many of the pool companies wanted to change it into either a kidney shape or some other crazy idea,” he says. The symmetry of the rectangular pool is offset by elegant steps notched out of one corner and a spa on the other.This unfussy organization helps establish the sense of unforced calm that defines the whole space. The back of the pool, a fieldstone retaining wall which faces the house, also functions as a water feature, with a horizontal slot continuously spilling a shining band of water into the pool. “The sound of water in a garden is so tranquil,” says Norris. The site slopes up quite steeply from the house, so to ease a runoff problem a trench lined with landscape cloth and filled with a layer of sand was installed beneath a trail of stepping stones.This allows water to drain away quickly under the surface. At the bottom of this rustic path, a large drain diverts water away into the main lines. Foliage plants such as ferns, grasses, sedums and butterbur (Petasites japonicus var. giganteus‘Nishiki-buki’) were planted among the pebbles to ensure that the alley of stones blends as naturally as possible with the rest of the garden.— J OA N N A F O RT N A M See

RAINY DAY IN GEORGIA From top, left to right: A path with drainage beneath the stepping stones helps with water runoff and suits the relaxed, rustic style. View from the house; the back retaining wall of the swimming pool doubles as a water feature.A quiet seating corner hidden from sight—moss, ferns, flagstones and yellow hakonechloa grass make a study in green.


N OV E M B E R / D E C E M B E R 2005

The sound of the water says what I think — C H U A N G







A low-key paving palette creates a functional, elegant hardscape that recedes into the background, leaving layers of evergreen trees, flowering shrubs and containers to dominate the scene.

The slightly offset symmetry of the pool steps and spa helps tie house and garden together without overwhelming the small space with a too-rigid formality.

Containers are grouped around the pool to emphasize the symmetry and add interest—Robert Norris uses mainly evergreens and some exotics such as agaves for their striking forms.

In the farther reaches of the garden, Norris blends structure into nature, relying on dogwoods, maples, cryptomeria, hydrangeas and magnolias for year-round interest. A concealed path runs around the back of the pool.

The creeks…are an active mystery, fresh every minute — A N N I E




sage advice


Gifts for Gardeners

Gift suggestions for four very different types of gardener and the perfect living “tree” for each THE DIRT GARDENER O N TA B L E , F RO M L E F T TO R I G H T:



N OV E M B E R / D E C E M B E R 2005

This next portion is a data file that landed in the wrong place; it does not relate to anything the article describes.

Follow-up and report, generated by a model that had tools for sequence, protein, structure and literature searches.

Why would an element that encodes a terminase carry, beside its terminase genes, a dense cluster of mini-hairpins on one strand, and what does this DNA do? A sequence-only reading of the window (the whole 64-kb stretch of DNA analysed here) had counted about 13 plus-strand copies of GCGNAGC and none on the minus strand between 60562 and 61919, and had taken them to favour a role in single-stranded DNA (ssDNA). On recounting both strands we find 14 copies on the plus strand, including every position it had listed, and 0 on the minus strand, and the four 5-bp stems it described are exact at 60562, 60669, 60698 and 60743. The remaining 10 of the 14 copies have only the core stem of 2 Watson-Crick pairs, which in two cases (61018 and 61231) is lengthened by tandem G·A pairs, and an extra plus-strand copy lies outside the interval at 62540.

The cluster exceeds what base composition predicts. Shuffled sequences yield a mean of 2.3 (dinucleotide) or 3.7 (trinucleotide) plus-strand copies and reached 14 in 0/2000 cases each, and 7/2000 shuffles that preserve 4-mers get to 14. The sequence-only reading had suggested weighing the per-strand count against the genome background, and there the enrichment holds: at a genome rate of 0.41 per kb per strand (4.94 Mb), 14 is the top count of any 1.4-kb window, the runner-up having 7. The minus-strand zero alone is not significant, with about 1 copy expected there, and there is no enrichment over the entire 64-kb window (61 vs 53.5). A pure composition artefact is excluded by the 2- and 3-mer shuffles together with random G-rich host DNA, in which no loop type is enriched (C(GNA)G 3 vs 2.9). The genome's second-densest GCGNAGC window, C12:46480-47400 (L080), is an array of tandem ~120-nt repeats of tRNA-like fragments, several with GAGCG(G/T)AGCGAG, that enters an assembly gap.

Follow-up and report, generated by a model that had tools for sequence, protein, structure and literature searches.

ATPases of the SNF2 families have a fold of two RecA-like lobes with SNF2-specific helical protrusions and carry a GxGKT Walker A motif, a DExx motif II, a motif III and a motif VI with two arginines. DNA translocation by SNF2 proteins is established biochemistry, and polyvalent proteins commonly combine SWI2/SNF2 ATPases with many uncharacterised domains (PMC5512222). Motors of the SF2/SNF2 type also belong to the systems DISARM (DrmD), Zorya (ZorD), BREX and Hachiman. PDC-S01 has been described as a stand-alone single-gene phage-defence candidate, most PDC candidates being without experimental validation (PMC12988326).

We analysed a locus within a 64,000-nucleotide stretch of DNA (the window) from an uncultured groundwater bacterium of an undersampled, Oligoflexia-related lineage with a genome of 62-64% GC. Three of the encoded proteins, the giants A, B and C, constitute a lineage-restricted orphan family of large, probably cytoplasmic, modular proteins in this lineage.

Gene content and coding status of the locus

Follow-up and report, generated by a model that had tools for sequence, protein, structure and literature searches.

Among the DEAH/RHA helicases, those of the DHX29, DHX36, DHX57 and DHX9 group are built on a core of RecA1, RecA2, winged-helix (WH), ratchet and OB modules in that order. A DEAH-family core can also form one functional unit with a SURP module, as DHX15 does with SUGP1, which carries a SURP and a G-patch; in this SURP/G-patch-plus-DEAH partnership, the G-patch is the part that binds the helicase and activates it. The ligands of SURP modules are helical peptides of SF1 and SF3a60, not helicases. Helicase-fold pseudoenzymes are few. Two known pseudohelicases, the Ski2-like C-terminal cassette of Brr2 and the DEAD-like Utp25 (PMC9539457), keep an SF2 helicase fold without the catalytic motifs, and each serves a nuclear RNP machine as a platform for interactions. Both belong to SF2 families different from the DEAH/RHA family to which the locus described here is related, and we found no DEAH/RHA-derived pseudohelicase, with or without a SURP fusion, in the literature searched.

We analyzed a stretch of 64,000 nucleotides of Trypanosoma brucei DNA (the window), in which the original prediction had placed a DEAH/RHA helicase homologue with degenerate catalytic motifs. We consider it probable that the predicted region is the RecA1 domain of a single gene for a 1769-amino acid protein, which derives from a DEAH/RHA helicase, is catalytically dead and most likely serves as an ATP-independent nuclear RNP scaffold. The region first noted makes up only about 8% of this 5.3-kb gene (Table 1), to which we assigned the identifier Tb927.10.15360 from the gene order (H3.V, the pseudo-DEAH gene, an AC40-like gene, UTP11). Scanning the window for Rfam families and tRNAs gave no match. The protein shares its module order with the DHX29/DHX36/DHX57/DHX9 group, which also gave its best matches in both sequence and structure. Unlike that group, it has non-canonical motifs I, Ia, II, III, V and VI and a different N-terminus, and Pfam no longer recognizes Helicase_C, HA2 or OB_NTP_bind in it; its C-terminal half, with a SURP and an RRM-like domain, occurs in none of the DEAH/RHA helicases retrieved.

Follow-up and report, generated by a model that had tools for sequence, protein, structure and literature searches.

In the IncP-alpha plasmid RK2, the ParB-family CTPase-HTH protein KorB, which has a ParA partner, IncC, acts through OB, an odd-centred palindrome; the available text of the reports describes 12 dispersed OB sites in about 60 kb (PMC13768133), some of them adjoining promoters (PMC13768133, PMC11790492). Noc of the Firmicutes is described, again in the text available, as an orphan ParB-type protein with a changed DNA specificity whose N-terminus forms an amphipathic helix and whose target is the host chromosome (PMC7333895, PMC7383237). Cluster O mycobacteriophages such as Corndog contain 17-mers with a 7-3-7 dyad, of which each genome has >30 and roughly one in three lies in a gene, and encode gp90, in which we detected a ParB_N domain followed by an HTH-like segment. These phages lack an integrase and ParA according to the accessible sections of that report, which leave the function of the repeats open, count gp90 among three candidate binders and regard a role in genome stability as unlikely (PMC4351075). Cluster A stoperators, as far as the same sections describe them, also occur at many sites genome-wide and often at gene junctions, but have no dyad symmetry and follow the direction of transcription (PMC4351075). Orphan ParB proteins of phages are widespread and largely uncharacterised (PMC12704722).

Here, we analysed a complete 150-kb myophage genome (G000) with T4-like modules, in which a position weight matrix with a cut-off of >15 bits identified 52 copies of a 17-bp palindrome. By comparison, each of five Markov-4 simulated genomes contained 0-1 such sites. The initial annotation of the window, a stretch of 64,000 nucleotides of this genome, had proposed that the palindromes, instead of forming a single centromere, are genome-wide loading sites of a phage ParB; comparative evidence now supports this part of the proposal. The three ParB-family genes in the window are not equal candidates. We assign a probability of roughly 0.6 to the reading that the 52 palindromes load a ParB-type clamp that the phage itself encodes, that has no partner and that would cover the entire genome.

Taylor Bowlderole: $175 from MacKenzie-Childs; 888-665-1999; Daffodil, hyacinth and tulip bulbs: from Old House Gardens; 734-995-1486; www.oldhouse Tile-pattern birdhouse: $225 from Architectural Editions; 910-295-2717; www. Tools: $24 each from Shop in the Garden at The New York Botanical Garden; 718-817-8073; www.nybgshopinthe Heirloom seeds: $1.75 to $5 per packet from D. Landreth Seed Company; 800654-2407; Heritage vegetable seeds: $2.50 per pack from Seed Savers Exchange; 563-382-5990; www. Pot Belly watering can: $39 from Smith & Hawken; 800-981-9888; www.smithand Wirework terrace planter: $360 from BlueGreen Trading; 212-988-1486; Path lights (in planter): $55 each from H Groome; 631-204-0492. Small round wire trellis: $555 from Marston & Langinger; 212-965-0434; Plants: Mistletoe fig (Ficus deltoidea): $45; staghorn fern (on trellis): $250; both from Atlock Farm; 732-356-3373.

Each day comes bearing its own gifts. Untie the ribbons — R U T H



F RO M L E F T TO R I G H T: Botanica by Howard Schatz: $60 from Bulfinch Press; www.bulfinch Red-leaved banana: $50 to $60 from Monrovia; see New Pot 70 planter: $240 from Design Within Reach; 800-944-2233 or in New York City, 212-219-2217; Tablo table and tray: $139 from Design House Stockholm; 214-824-0228; Black Links coffee service: $50 for set from notNeutral; 800-270-6511; Filikudi Kosovsky Color chair: $1,600 from Dare Deco; 813-239-9140; Watering can: $19.99 from BroCars; 800-966-1496; Multifringe rain hat: $90 by Luisa Cevese Riedizioni; or Lumina South Beach Swirls tray: $130 from Liora Manné; 212-965-0302; Plynyl shag indoor/outdoor mat in fuchsia/orange stripe: $140 for 36- by 60-inch size, through Chilewich; 212-679-9204; or

If all the year were playing holidays…nothing would pleaseth but rare accidents — W I L L I A M




sage advice